‘Shop’ ‘til you drop

Dublin School: With a wealth of talent to choose from, Jenny Foreman makes the most of her stable of young actors in “Little Shop of Horrors”

  • Dublin School presents "Little Shop of Horrors" this weekend.
  • Dublin School presents "Little Shop of Horrors" this weekend.
  • Dublin School presents "Little Shop of Horrors" this weekend.
  • Dublin School presents "Little Shop of Horrors" this weekend.
  • Dublin School presents "Little Shop of Horrors" this weekend.
  • Dublin School presents "Little Shop of Horrors" this weekend.
  • Dublin School presents "Little Shop of Horrors" this weekend.

Poor beleaguered shopkeeper Seymour is just trying to do his job and impress his co-worker Audrey when he comes across a seemingly harmless plant to feature at his boss’ flowershop. Seemingly fortunately for Seymour, under his care the plant grows into a huge, undiscovered species, making Seymour an overnight sensation. But the plant, named Audrey II by Seymour, has more sinister motives — and a taste for human flesh.

It’s a bit of a macabre plot, but “Little Shop of Horrors,” a rock musical by composer Alan Menken and writer Howard Ashman, is best known for its black humor and generally upbeat soundtrack, featuring 1960s rock and roll, doo-wop and early Motown. This weekend, the Dublin School will be presenting the musical during its annual winter theater production.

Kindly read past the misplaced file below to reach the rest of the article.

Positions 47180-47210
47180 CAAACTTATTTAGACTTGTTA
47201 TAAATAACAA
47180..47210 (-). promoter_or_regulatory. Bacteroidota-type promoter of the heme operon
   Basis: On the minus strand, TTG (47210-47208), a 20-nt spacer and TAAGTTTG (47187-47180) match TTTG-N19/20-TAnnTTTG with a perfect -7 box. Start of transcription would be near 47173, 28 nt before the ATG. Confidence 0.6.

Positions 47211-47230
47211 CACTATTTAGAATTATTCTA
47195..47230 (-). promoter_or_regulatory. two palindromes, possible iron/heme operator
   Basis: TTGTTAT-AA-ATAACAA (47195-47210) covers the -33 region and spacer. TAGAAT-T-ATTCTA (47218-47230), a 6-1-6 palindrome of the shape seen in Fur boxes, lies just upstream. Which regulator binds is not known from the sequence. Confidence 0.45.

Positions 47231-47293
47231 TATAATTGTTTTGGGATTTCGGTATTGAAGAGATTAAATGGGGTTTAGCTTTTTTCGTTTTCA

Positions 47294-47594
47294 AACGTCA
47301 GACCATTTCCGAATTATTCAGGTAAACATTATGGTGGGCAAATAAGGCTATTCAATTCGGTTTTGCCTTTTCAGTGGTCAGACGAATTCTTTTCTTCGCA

Jenny Foreman, the play’s director, said in an interview Monday she chose the play because she was looking for a more quirky and comic alternative to last year’s production of “Hair.” She also knew she had strong female voices coming to audition, and a cast that could support the production after losing a large number of seniors to graduation. However, Foreman was surprised by a large crop of freshman, as well as several upperclassmen who either joined a production for the first time, or after taking several years off from the stage. This year’s female performers were particularly strong, she said, and the competition for the leading lady — Audrey — was particularly fierce. Foreman also was torn when it came to the other lead, Seymour, between talented freshman Cam Harrington of Francestown and senior Adam Bloom of Dayton, Ohio.